Locals Gather To Learn About Wenatchee’s Baseball History

Nearly 60 people gathered to hear Chris King, the voice of the Wenatchee AppleSox, talk about Wenatchee baseball history at the Museum today.

King recounted the Wenatchee area’s more than 100-year old love of the game by talking about the days of town ball, when nearly every company, club and organization had its very own team.

He led off with this picture from 1900 – the first photograph of baseball being played in Wenatchee. 

He talked about the days when baseball greats like Satchel Paige, Bob Feller and other hall of famers would come and play exhibition games with local all stars.

He also talked about the barn storming days when quirky teams like the famous House of David would come and play local teams. Hall of famer Grover Cleveland Alexander, an ex-Navy man who enjoyed his libations nearly as much as he did his baseball, pitched a game for the House of David in Wenatchee.

In the 20s and 30s, before television, American baseball fans turned out in droves to see these traveling teams play, and Alexander once said: “You want to see the world, join the Navy. You want to see the US, join the House of David baseball team.” 

In fact in 1924 the Brooklyn Dodgers themselves traveled to play an exhibition game in Wenatchee and afterward four of the Dodgers got so drunk and rowdy in the hotel that after causing $200 in damage and beating up a bellboy they were thrown in jail. It took so long to get them bailed out that the team were forced to traveled on without them. The next night the Dodgers lost to the Everett Seagulls in what some call, “the biggest baseball upset in Washington state history.”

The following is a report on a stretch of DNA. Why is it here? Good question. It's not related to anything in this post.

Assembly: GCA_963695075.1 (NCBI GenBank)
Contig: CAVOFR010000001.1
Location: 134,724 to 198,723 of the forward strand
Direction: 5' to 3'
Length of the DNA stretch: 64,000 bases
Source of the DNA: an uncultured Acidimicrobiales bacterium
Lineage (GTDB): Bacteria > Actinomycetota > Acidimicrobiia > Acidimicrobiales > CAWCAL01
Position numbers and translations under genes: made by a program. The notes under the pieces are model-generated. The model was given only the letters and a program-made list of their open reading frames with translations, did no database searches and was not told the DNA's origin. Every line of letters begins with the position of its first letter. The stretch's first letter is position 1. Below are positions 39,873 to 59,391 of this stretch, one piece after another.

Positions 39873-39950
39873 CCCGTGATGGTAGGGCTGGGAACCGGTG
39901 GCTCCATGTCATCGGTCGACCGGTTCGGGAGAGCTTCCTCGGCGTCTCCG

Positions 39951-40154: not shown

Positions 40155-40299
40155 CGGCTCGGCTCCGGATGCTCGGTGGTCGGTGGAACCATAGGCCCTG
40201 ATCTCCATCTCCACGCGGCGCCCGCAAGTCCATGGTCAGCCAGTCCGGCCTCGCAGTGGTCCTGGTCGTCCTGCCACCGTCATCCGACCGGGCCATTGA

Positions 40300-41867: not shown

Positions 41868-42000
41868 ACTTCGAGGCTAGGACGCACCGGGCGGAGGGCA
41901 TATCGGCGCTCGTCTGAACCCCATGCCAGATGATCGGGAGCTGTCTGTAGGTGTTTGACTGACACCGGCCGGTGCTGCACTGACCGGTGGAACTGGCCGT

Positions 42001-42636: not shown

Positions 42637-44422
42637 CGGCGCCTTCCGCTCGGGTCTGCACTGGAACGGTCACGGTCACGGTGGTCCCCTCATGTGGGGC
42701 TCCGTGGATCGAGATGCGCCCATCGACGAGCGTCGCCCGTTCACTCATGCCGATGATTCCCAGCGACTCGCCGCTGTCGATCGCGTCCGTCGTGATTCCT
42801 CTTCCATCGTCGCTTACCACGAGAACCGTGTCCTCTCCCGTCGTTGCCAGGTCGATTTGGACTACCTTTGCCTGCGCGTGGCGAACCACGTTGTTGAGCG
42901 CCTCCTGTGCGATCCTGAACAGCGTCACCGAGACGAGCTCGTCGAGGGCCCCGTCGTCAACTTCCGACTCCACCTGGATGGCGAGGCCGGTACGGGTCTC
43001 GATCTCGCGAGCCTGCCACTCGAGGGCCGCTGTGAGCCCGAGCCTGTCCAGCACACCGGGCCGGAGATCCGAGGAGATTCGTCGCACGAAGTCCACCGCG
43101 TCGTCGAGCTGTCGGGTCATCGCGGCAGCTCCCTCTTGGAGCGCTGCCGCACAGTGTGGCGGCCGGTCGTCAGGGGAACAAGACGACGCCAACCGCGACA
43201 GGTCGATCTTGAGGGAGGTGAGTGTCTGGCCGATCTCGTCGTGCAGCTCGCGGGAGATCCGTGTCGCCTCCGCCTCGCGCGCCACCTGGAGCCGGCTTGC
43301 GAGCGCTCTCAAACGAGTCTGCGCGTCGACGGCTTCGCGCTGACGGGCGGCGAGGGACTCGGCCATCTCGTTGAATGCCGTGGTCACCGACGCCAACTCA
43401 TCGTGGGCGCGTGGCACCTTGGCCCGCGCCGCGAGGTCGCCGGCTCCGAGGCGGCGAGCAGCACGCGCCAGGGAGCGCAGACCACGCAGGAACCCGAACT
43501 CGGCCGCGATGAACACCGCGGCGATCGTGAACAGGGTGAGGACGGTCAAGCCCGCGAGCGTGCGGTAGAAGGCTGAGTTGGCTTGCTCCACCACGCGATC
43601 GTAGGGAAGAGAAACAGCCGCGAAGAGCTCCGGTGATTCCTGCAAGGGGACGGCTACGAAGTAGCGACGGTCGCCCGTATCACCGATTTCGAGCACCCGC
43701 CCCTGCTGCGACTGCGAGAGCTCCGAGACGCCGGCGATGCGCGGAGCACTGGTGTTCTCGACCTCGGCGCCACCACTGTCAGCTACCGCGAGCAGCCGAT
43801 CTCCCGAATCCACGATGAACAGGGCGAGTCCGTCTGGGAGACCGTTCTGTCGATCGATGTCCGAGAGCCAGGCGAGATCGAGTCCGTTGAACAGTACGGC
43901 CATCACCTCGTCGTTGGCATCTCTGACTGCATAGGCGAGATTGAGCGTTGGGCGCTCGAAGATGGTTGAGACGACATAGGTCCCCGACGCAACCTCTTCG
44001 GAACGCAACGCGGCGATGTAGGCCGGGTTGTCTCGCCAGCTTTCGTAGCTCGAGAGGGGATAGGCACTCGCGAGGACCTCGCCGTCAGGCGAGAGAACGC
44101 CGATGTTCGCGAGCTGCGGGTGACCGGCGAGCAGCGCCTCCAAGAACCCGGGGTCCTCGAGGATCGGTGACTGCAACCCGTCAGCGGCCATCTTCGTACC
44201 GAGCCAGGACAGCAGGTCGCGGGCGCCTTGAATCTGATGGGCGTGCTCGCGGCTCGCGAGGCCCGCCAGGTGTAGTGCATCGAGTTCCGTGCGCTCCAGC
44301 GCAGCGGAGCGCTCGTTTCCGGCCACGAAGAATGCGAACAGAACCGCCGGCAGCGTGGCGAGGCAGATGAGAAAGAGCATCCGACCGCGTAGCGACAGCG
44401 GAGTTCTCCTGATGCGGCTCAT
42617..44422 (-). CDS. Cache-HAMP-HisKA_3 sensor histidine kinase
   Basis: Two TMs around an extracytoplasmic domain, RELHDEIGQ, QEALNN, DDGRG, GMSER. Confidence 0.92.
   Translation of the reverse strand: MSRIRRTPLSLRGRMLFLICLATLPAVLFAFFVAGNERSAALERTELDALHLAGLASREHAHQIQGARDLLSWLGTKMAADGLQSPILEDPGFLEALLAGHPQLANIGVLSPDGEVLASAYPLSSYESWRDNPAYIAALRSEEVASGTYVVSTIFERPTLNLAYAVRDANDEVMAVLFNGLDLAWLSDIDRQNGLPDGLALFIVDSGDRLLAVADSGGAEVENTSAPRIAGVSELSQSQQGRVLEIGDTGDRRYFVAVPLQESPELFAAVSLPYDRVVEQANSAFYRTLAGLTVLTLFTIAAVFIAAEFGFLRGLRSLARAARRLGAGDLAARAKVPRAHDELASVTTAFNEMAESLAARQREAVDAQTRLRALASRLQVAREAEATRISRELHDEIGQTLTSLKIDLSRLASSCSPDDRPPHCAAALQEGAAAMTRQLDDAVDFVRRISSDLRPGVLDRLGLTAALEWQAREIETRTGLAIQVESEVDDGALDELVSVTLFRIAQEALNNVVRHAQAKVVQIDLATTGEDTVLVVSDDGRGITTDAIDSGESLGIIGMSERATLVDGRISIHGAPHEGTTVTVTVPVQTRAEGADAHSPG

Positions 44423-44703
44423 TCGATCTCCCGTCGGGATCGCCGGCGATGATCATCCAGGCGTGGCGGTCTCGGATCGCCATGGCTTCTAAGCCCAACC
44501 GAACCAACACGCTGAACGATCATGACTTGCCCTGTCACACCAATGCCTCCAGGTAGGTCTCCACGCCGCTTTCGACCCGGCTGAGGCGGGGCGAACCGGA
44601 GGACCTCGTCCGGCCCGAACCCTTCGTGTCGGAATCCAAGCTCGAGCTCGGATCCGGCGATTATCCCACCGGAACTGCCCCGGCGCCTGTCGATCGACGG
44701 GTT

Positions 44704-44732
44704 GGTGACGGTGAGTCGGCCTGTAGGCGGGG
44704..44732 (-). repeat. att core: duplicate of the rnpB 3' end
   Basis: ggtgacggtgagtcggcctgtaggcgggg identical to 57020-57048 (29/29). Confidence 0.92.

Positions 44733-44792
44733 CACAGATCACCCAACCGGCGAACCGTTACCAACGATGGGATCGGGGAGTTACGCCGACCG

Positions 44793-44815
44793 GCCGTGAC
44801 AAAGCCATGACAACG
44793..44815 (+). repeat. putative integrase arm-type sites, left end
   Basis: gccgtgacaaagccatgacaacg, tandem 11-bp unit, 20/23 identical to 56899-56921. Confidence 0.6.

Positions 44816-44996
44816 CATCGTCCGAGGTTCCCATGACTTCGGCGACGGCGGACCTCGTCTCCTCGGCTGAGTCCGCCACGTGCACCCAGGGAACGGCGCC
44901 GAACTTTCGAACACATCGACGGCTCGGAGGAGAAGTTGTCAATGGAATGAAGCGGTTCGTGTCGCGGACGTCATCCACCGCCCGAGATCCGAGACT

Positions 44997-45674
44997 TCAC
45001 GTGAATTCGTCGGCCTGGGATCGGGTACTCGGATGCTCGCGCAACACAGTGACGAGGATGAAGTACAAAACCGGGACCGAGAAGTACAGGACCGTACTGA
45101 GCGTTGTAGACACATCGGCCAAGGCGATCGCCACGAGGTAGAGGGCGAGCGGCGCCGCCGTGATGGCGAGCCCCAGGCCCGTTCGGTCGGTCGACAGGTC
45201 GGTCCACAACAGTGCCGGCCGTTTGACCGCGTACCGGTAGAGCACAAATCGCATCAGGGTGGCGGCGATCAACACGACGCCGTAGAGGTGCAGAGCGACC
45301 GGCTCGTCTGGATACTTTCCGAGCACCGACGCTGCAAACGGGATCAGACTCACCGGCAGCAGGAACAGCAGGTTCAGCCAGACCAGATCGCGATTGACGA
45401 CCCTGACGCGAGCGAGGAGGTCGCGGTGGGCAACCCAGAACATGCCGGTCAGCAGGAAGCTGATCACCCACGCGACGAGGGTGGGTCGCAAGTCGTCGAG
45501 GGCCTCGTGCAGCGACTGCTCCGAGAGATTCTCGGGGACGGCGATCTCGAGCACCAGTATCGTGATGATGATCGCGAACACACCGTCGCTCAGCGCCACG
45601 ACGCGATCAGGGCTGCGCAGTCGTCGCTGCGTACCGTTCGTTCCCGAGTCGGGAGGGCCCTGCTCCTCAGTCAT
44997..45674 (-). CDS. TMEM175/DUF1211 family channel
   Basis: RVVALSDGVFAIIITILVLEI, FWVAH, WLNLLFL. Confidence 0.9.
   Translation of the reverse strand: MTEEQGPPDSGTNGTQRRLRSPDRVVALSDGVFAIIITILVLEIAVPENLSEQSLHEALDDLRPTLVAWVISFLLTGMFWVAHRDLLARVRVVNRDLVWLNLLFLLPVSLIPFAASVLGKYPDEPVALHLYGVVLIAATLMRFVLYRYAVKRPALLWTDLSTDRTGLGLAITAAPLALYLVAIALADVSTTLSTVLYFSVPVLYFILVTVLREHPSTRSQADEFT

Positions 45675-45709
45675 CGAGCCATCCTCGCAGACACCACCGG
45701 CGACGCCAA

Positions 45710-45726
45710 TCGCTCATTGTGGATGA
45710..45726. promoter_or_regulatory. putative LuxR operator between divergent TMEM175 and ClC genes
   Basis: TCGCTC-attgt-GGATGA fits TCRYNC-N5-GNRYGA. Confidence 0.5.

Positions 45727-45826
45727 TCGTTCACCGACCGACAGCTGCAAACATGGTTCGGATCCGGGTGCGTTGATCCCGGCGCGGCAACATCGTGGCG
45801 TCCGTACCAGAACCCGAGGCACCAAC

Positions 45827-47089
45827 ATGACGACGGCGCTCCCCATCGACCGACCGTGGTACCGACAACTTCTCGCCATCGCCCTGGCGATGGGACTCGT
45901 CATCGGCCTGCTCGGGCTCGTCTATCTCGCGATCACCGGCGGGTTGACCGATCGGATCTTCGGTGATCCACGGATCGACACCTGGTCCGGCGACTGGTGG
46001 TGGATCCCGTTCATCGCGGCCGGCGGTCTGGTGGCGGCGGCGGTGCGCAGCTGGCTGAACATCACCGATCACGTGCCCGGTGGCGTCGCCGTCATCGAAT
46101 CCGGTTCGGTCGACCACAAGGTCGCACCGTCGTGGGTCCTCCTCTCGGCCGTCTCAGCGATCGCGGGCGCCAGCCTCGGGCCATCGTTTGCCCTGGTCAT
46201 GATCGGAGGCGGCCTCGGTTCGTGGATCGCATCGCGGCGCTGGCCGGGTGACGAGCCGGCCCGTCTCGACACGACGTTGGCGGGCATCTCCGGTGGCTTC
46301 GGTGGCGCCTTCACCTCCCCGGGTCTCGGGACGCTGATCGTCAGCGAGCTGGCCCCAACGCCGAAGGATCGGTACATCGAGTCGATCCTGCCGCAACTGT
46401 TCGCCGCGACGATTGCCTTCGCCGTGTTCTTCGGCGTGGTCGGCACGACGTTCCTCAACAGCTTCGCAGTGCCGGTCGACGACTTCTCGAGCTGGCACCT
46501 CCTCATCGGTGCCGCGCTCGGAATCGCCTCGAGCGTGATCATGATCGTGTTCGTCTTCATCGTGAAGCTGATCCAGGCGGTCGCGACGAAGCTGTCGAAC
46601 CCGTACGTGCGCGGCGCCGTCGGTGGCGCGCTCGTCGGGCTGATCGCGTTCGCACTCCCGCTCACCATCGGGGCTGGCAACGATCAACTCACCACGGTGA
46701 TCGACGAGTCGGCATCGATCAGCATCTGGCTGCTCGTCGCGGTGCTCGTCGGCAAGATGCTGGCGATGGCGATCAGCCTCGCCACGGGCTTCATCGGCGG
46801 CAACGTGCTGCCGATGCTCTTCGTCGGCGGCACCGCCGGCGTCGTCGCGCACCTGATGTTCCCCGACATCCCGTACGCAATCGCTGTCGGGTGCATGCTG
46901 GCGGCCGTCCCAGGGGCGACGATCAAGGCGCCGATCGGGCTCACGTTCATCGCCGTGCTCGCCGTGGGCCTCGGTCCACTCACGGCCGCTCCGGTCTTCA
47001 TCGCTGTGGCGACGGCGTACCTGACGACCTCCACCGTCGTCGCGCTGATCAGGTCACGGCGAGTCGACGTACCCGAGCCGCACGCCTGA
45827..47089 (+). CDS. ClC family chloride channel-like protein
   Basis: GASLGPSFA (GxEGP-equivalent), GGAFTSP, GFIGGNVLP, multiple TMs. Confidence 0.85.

And of course King spoke about the Wenatchee Chiefs, the local minor league team established in 1937, which was a huge part of local sports culture for 25 years.

In addition to the tales of years past there was vintage memorabilia on hand, such as the Wenatchee Chiefs batboy and mascot Dale Noyd’s old jersey.

Noyd, who would reportedly received  the largest ovations of all during home games.

He later went on to become a decorated veteran and a contentious objector to the Vietnam war.

His jersey, as well as other old Chiefs memorabilia such as signed baseballs and a championship ring will be on display soon at the Museum as a part of the coming Wenatchee baseball history exhibit.

Here is Noyd’s jersey, held up for display by Museum Curator and Wenatchee Historian Mark Behler.

One ex-Chiefs player actually came to the lecture this afternoon as well. Bill Osborn, one of the Chiefs pitchers in 1947 who later went on the a career in the Major Leagues, raised his hand and received a round of applause from the crowd.

To learn more about the history of baseball in Wenatchee, visit the Museum Tuesdays through Saturdays 10 A.M. to 4 P.M.

And if you have any Wenatchee baseball memorabilia please contact the Museum!

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